Register19:05 GMT +3 hours03 July 2015

Fellini: the movie god

Get short URL
MOSCOW. (RIA Novosti commentator Sergei Varshavchik) -What is the first thing that comes to mind when you hear the words "genius of the cinema"? For most people the inevitable response is "Federico Fellini."

MOSCOW. (RIA Novosti commentator Sergei Varshavchik) -What is the first thing that comes to mind when you hear the words "genius of the cinema"? For most people the inevitable response is "Federico Fellini."

He never gathered thousands of extras to re-create battles that had changed the world. You never see star wars or blood-curdling shipwrecks in his films. Yet the man who would be celebrating his 90th birthday on January 20 if he lived to this day won five Oscars, the Golden Palm at Cannes, the Golden Lion at Venice, the Grand Prix and the Golden Prize at Moscow, the Golden Globe and the Honorary British Film Academy Awards.

What was his magic, then? I think it was his unique style - a subtle blend of comedy and drama, the grotesque and the poignant truth, the sublime and the trivial, all underlain with benign irony. All his films were semi-autobiographic tales. Again and again, he revisited the carefree world of his childhood, infecting the viewer with the spontaneity of his perceptions.

Amarcord, the name of one of his best-known films, translates from the Romagnol dialect as "I remember." It is the story of a boy growing up in Rimini, Fellini's hometown, under Nazis.

He first saw a circus show with his parents at the age of seven. That left a lasting impression, especially the clowns. His later dream of filming them came true in 1970 with the documentary The Clowns, for which he and his crew roamed circuses in Paris, Rome and Munich, interviewed their stars, and re-created memorable performances. That was not the only occasion on which he dealt with the circus. The cranky clown or the clownish crank is a constant presence in Fellini's films.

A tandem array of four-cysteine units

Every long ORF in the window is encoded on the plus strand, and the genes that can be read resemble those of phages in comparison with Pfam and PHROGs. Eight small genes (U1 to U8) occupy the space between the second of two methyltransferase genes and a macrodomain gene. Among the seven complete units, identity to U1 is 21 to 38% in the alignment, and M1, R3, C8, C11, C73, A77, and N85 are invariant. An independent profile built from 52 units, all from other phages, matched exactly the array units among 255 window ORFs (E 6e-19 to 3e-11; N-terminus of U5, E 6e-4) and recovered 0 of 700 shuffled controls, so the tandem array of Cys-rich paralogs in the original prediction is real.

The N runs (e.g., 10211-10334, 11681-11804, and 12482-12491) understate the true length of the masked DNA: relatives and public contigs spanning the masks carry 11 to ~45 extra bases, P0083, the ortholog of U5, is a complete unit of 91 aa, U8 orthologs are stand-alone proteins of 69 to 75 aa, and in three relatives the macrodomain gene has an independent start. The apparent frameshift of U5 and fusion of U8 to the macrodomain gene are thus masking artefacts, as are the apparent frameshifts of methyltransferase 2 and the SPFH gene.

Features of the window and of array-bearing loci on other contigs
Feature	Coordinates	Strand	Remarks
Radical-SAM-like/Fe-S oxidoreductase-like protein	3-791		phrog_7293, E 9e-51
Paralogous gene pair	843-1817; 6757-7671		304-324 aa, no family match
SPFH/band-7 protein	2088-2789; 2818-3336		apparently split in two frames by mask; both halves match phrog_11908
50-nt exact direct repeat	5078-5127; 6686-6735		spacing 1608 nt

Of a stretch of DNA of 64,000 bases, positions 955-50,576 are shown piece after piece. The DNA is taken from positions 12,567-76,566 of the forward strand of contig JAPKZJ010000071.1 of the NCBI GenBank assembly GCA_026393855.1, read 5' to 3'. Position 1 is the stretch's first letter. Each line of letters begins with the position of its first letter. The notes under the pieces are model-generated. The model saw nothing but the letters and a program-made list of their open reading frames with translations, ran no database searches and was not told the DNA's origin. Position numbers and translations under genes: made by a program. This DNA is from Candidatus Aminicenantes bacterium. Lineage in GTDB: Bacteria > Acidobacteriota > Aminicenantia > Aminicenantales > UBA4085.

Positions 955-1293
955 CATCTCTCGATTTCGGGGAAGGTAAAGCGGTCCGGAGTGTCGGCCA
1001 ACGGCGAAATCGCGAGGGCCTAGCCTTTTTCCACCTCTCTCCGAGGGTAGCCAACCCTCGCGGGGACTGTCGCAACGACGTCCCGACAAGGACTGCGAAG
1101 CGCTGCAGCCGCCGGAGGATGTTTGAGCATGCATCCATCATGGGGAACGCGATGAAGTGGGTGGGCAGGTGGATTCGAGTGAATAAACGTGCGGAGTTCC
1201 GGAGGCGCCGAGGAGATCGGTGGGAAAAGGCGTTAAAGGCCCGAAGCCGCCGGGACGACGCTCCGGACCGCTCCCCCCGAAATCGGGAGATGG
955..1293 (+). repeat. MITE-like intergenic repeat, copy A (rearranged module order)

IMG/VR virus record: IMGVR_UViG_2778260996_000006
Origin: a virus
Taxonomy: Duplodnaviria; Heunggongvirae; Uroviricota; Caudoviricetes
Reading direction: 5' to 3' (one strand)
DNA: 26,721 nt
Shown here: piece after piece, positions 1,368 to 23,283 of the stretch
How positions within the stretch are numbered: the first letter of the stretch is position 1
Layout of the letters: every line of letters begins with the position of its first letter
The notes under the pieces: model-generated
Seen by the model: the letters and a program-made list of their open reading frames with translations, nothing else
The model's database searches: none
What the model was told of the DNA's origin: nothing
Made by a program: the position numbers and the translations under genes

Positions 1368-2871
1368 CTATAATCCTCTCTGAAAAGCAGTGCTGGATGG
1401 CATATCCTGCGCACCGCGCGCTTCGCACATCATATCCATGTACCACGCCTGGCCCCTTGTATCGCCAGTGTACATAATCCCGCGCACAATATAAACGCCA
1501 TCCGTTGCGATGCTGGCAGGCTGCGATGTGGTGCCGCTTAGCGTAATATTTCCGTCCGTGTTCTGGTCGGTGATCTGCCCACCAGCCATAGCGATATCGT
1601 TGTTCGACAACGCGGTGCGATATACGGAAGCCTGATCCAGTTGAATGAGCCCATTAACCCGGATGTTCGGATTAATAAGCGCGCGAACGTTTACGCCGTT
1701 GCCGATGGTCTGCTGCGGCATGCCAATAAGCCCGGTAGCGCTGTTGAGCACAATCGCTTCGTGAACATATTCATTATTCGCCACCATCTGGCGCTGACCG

A Jack-of-all trades under Mussolini - newspaper columnist, cartoonist, insurance salesman, typesetter, shop window designer, and gagman for the radio and the cabaret - Fellini came to the film world after the Allied liberation of Italy. Together with Sergio Amidei and Roberto Rossellini, he scripted Rome, Open City, the glorious harbinger of Neo-Realism, which won the Golden Palm at Cannes.

His baroque mind clashed with Neo-Realism, which demanded the utmost verisimilitude, preferred outdoor filming to studio work, and had little use for his refined modernism. Fellini's star shone its brightest after 1955, when he made his most acclaimed films, with their meditating and reminiscing hero.

The bitter-sweet obsession of creativity, its exhilarating joy and merciless heart-searching, was one of his leitmotifs. His aspirations were materialized by Marcello Mastroianni, his cinematic alter ego, who found the best form for the kaleidoscope of bizarre acts and sensations overcoming Fellini's seemingly fulfilled and successful characters.

In La Dolce Vita, highly accomplished journalist Marcello luxuriates in the jet-set, but is haunted by a longing for a more serious and purposeful life. In 8 1/2, famous director Guido Anselmi loses all interest in a science fiction film he is making about the world's rescue from nuclear disaster. Mastroianni plays Fellini himself, desperate in an outwardly happy life at the peak of an inner crisis. A mingle of reality, surrealistic fantasies and childhood flashbacks, 8 1/2 epitomizes the helpless apathy and shame of "a director who no longer knows what film he wants to make," as he described it later.

The charisma of the director and the leading actor makes the fanciful, disorderly film unforgettable. Its magnetism glues your eye to the screen whatever shot you start from. When I first saw it, I was late for the show, and started with Part Two. I stayed for the next show to see the beginning - and still, my perception of the film as a harmonious whole was unbroken.

The road is Fellini's another leitmotif. It stands for a sharp turn in the life of a lost, unwanted soul, as in La Strada, Juliet of the Spirits, and Nights of Cabiria. Giulietta Masina, his wife and muse, found a superb form for it.

One of the world's greatest cinematic classics, Fellini died in October 1993, at the age of 73, the day after his 50th wedding anniversary. Italy was overwhelmed with bereavement. Thousands lined the streets and highways as the funeral procession moved from Rome to the family sepulcher in Rimini.

Giulietta died five months after he was gone.

"Dreams are the only reality," Fellini said. Fortunately, we can see his fascinating dreams again and again.

The opinions expressed in this article are the author's and do not necessarily represent those of RIA Novosti.

Community standardsDiscussion

Comment via FacebookComment via Sputnik
  • Сomment
Top stories